From watching planes land at DIA on Flightradar24, none seem to ever land on 16R (longest runway in the US at a length of 16,000 ft), but instead land on a runway 4,000 ft shorter such as runway 16L (12,000ft). So why do even large planes like the 747 not land on the longer runway to have an easier landing?

Airport diagram showing location of 16R/34L

  • $\begingroup$ @fooot No, but I used to look at flightradar everyday for about 2 months and never saw any airplane land on the runway. I edited the question, instead of saying never I said rarely. $\endgroup$ – Ethan Sep 9 '15 at 21:41
  • $\begingroup$ You could mention that you watch but never see airplanes land there, and maybe the 747 as a case where you most expected it. $\endgroup$ – fooot Sep 9 '15 at 21:42
  • $\begingroup$ @fooot I have seen a few 747's land on radar and none landed on the runway. Its not just 747's it can be 767's or 777's that I have seen on radar land at the airport, but never used the long runway. $\endgroup$ – Ethan Sep 9 '15 at 21:44
  • $\begingroup$ I edited the question to make the wording more about why planes don't land on that runway in general, rather than why one specifically didn't. $\endgroup$ – fooot Sep 9 '15 at 21:52
  • $\begingroup$ Since a 7x7 can land on the 12,000' runway 16L, there's no need for it to land on the 16,000' 16R, therefore, there's no need to push traffic to the west and make it have a longer taxi into the terminal. I'm sure when things get really busy, they use 16L/34R. $\endgroup$ – FreeMan Sep 10 '15 at 12:48

KDEN has a lot of runways, so they have the option of not always using some of them. As FreeMan pointed out, 12,000 feet is plenty for just about any aircraft flying in or out, even at 5,300 feet elevation. Being such a long runway, it may also be good to leave it open so that no aircraft need to be moved in case an aircraft declaring emergency would need the extra length. Runway use will depend on the wind and traffic, so depending on when you are observing, you may not often see conditions where it is used.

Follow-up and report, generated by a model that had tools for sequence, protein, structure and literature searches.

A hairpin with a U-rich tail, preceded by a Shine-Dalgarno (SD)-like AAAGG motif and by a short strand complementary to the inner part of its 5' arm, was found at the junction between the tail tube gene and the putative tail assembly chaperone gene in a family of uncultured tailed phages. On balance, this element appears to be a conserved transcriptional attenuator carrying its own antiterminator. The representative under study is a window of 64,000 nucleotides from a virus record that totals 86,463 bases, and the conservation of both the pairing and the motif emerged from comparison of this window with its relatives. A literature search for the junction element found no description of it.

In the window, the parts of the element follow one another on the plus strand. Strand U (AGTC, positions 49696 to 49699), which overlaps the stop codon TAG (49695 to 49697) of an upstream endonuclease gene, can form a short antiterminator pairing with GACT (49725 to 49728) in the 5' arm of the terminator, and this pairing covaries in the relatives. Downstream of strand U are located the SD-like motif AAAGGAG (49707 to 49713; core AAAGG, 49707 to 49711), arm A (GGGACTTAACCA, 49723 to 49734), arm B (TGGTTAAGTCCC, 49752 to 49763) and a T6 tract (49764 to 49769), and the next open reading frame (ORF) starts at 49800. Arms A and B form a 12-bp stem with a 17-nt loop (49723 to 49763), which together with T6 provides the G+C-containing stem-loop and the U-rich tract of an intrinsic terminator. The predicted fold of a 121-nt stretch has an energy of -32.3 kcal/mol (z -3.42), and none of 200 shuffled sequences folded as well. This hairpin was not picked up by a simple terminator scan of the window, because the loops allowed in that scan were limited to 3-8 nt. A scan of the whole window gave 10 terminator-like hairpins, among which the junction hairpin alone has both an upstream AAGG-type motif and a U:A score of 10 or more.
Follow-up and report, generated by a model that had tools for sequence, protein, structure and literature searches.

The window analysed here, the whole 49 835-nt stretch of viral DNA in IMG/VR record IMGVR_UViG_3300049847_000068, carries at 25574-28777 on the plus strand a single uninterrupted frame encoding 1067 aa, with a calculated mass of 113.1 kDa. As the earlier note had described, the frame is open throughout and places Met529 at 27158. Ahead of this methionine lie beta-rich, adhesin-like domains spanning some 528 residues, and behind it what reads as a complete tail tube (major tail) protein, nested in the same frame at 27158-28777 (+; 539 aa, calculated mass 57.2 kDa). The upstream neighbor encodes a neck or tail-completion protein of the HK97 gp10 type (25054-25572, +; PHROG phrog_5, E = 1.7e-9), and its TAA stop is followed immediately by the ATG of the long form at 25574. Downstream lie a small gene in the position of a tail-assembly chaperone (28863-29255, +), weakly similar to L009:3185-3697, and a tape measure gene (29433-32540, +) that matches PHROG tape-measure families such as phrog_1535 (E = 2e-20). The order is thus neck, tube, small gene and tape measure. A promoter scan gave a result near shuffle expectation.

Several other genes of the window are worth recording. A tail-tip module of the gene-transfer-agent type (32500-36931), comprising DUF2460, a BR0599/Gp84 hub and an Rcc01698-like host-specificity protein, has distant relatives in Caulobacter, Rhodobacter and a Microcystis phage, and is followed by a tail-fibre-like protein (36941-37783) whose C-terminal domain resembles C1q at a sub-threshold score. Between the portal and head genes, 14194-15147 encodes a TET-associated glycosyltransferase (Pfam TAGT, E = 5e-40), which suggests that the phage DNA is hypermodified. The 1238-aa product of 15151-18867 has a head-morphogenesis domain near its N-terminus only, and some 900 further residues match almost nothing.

North flow: arrivals on 34L could interfere with runway 7/25, and for departures it is further from the terminal than 34R. TomMcW also points out potential noise abatement concerns.

South flow: departures on 16R could interfere with runway 7/25, and for arrivals it is further from the terminal than 16L.

Even with 17L/35R currently closed it is not always necessary to use 16R/34L. 8/26 and 7/25 can be used for east/west departures and arrivals, and 17R/35L can be used as well.

Runway 16R/34L can still be used as a secondary runway though. It can certainly be used as 16R for parallel approaches with 16L, or departures as 34L with approaches on 34R.

To put things in perspective, Denver has more runways than both KLAX and KATL, which see more aircraft movements.

Also, while far from authoritative, the virtual Denver ARTCC lists 16R/34L as a secondary runway in all situations.

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    $\begingroup$ Doesn't help the OP, but this planning document suggests that 16R/34L is a primary use runway in all situations. faa.gov/airports/planning_capacity/profiles/media/… $\endgroup$ – BowlOfRed Sep 10 '15 at 16:50
  • $\begingroup$ @BowlOfRed Thanks for the info. The document lists all runways, but 16R/34L is down on the list, and it does say: In 2003 DEN commissioned a new runway, 16R/34L, which typically experiences mixed use. $\endgroup$ – fooot Sep 10 '15 at 16:59

What time are you usually watching radar?
Just a guess, but the following paragraph from this document would suggest noise abatement procedures.

Runways 34L and 34R : Aircraft will be assigned headings of 355 to 010 degrees. Intersection departures on Runway 34L permitted if user has signed an agreement with the City and County of Denver regarding terms of use . The City may request that FAA stop allowing intersection departures if the City determines that use of the procedure is resulting in detrimental noise impacts

This map shows you might not want to buy a house off the north end of the runway!